Fletchers Flyer – Another horse who had a setback early season and struggled to play catch up throughout the year. It’s always a huge thing for any horse to be able to have a good pre season and a injury free campaign. Fletchers Flyer main target was always the Irish Grand National and that target was mentioned by trainer Harry Fry very early on. He managed to get there in one piece after a couple of runs through the season, both at Ascot where he hardly sparkled, however he was set for a big run at Fairyhouse going off 10/1 before the off and looking to hold a decent chance before making a bad mistake 5 out and never recovering. He wouldn’t of beaten the Gold Cup 2018 winner Our Duke that day regardless, but it was disappointing to see him go out like a light. Hopefully with a better summer and a niggle free early season, he will be able to compete in handicaps off a mark of 143. Notably he prefers to go right handed, so a tilt at those valuable Ascot handicaps in October and December may be on the agenda before another go at the Irish Grand National due to his Irish owners.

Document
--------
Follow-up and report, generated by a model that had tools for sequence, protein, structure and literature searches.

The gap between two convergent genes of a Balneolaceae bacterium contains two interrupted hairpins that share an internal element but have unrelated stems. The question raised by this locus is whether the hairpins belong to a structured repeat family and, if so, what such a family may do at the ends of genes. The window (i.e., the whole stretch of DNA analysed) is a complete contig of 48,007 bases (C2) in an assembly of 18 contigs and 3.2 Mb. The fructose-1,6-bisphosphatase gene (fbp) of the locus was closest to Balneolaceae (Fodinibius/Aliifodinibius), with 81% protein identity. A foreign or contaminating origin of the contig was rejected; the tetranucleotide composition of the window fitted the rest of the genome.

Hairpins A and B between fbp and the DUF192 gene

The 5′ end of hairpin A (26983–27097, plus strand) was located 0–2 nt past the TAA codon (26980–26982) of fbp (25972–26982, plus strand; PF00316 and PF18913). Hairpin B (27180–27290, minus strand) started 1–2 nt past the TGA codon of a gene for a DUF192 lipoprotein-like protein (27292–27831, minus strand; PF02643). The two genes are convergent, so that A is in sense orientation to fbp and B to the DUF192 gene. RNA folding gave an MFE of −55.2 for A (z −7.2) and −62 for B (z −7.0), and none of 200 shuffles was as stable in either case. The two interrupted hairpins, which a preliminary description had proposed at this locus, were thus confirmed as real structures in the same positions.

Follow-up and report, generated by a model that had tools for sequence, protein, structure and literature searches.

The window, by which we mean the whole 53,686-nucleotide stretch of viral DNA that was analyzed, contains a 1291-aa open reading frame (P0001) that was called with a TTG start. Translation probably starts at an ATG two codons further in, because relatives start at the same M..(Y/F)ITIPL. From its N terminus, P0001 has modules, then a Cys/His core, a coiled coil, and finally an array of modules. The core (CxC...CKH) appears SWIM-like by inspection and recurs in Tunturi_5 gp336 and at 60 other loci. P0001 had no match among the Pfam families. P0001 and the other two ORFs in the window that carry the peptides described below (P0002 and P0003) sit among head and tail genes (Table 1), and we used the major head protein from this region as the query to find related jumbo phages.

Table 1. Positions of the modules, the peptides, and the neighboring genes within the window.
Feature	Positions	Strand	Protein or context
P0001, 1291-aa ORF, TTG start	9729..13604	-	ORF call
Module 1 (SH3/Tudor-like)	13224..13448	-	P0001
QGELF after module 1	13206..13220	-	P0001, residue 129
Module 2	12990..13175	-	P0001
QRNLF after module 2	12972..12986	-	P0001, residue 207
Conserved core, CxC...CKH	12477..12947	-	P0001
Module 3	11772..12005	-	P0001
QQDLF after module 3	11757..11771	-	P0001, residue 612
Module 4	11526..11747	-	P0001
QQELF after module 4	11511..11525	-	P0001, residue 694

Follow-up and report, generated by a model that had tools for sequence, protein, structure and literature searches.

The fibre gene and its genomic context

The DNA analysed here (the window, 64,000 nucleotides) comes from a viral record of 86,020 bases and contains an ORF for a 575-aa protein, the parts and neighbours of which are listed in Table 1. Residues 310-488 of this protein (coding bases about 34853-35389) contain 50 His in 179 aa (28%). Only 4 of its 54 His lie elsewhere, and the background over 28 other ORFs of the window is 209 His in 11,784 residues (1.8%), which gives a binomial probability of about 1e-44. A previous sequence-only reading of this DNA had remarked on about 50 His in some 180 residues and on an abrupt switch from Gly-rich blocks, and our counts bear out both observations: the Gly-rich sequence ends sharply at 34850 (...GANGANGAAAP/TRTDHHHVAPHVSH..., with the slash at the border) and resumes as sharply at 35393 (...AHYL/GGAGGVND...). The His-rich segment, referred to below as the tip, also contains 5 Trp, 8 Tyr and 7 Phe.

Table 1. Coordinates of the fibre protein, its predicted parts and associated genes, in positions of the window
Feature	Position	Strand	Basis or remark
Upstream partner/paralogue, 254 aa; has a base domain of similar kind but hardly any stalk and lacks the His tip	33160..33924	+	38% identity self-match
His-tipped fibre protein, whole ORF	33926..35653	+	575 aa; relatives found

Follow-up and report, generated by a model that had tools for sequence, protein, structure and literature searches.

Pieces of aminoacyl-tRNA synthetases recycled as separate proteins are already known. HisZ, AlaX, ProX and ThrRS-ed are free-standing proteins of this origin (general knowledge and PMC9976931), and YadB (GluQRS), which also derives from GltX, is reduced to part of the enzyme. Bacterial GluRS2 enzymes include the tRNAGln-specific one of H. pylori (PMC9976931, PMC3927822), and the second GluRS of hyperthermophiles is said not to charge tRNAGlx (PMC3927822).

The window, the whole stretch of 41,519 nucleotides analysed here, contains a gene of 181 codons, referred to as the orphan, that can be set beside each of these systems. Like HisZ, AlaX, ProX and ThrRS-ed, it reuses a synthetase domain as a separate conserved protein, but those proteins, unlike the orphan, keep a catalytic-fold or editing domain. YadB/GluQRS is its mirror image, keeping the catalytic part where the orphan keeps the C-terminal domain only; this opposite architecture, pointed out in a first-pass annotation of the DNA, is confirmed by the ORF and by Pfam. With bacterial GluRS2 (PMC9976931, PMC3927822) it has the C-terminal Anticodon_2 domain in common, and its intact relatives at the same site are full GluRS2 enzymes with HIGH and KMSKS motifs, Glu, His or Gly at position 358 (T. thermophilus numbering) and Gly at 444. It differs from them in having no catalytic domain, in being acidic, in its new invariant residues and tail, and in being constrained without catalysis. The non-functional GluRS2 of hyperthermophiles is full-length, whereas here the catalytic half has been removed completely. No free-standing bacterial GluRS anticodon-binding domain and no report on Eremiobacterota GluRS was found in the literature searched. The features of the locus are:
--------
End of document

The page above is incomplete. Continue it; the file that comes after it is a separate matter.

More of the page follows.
Chef D’Oeuvre – I thought Warren Greatex had a really underwhelming season in 16/17. He looked to have plenty of novice chasers in his rank to put him on the map in the chasing sphere but apart from Missed Approach who was probably his best chaser overall with a 2nd in the 4 miler, they all disappointed. One horse who I thought would be a decent chaser was Chef D’Oeuvre and except for a single win over fences in horrible conditions at Hereford, he never really lived up to expectations. A horse who caught my eye at Cheltenham in 2016 when he made eyecatching headway in a race famously won by Yanworth when he won on the bridle and made his emergence onto the scene. He was one of my chasers to follow last season and I’ve got a feeling that Greatex may have been suffering with a small bug in his yard as a number of horses performed under par throughout the season and I expect him to have a change of fortune in this coming season. If CDO is allowed some time and patience early season to get his confidence, and he meets his favoured conditions, testing ground, then I’d expect him to perform better then his current mark of 130. He could pick up a small field confidence boosting handicap in the winter before going onto better things and mid winter handicaps where the ground goes bottomless at places like Haydock will suit.